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part8 [2009/05/13 10:36] (current)
nuin created
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 +==== Splitting a multiple sequence FASTA file ====
 +
 +
 +We will see the easiest way to split a FASTA file. There are many ways to name each file after the split, and we will use a simple <i>original filename</i> + number. We also going to use the FASTA class and functions defined previously in [[http://python.genedrift.org/code/fasta.py | fasta.py]]. To refresh our memories here is the code
 +
 +<code python>class Fasta:
 +    def __init__(self, name, sequence):
 +        self.name = name
 +        self.sequence = sequence
 +
 +def read_fasta(file):
 +    items = []
 +    index = 0
 +    for line in file:
 +        if line.startswith(">"):
 +           if index >= 1:
 +               items.append(aninstance)
 +           index+=1
 +           name = line[:-1]
 +           seq = ''
 +           aninstance = Fasta(name, seq)
 +        else:
 +           seq += line[:-1]
 +           aninstance = Fasta(name, seq)
 +
 +    items.append(aninstance)
 +    return items</code>
 +
 +So, basically we need to create a script that reads the file and then in a loop saves every sequence in a separate file. For the sake of simplicity all saved files will be in the same directory. To the script
 +
 +<code python>#!/usr/bin/env python
 +
 +import sys
 +import fasta
 +#define a variable with the input filename
 +file = sys.argv[1]
 +#open the file and read the sequences in one line
 +sequences = fasta.read_fasta(open(file, 'r').readlines())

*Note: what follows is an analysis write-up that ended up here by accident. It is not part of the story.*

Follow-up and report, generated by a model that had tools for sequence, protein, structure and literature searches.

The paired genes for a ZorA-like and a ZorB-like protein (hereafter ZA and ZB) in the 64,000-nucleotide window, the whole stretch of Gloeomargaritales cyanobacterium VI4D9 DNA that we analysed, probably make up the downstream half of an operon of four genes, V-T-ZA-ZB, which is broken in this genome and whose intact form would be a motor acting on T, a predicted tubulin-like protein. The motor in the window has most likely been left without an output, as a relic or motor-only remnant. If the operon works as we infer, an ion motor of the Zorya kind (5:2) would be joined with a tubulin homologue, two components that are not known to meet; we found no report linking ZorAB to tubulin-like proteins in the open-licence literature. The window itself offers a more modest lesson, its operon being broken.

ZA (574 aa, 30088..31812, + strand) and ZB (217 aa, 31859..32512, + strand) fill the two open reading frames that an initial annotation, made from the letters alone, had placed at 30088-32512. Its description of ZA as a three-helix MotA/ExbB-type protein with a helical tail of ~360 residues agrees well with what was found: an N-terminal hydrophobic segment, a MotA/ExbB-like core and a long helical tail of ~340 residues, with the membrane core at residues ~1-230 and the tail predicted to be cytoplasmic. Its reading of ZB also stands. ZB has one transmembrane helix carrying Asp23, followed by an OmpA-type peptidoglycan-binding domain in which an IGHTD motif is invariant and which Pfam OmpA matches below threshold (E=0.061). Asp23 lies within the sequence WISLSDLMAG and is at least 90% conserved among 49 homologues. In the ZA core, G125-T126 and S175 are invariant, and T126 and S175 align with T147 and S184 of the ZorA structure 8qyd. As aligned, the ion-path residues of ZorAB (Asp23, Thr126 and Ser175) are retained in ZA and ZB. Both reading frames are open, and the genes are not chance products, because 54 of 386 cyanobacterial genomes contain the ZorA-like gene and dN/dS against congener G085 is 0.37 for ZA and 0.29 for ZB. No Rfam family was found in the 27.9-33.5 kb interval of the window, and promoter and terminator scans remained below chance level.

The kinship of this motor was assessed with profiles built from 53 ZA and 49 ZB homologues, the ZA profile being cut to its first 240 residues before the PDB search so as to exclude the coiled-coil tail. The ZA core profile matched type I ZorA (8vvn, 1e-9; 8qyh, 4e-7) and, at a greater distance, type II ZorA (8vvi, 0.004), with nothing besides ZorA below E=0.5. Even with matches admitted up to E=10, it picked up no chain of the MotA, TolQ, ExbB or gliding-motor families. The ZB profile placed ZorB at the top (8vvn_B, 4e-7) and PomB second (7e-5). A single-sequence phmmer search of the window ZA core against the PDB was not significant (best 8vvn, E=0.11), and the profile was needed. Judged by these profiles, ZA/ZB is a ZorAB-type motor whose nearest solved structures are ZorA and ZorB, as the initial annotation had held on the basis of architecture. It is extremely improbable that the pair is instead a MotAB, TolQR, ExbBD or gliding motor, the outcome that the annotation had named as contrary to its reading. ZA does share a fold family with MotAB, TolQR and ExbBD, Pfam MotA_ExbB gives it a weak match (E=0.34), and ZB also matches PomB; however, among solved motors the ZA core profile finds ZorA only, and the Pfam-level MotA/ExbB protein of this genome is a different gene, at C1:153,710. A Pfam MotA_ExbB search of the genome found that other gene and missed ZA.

+
 +#counter to keep the number the sequences and to
 +#be written to the output files
 +count = 1
 +for i in sequences:
 +    #open a file to output
 +    output = open(file+str(count), 'w')
 +    #write the name and sequence
 +    output.write(i.name+'\n')
 +    output.write(i.sequence)
 +    #increment the counter
 +    count += 1</code>
 +
 +Very simple but nice script. In the end we will have a list of files with only one sequence in it, with identical name of the original file but with a number in the end.
 +
 +
 +==== Splitting a multiple sequence FASTA file, making it better ====
 +
 +
 +We saw how to split a multiple FASTA file with our previous FASTA module. The previous script saved a sequence per file, where the filename was identical to the original file with the exception of a number added to the end. Let's say we have the file mysequences.fa, our script would save mysequences.fa1, mysequences.fa2, ..., mysequences.fa//n//.
 +
 +This is fine, but we need to make it better. Ideally we should ask the user for a prefix or a filename for the output. On the other hand, it would be an improvement if we put the number before the file tag. We will do that in a couple of lines. First we need to find the tag and the actual filename. We could go through a longer route if we used the //find// method to find the dot and then extract portions of the string to the actual name and tag. But we can use //split//
 +
 +
 +<code python>file = sys.argv[1]
 +temp = file.split('.')
 +filename = temp[0]
 +tag = temp[1]</code>
 +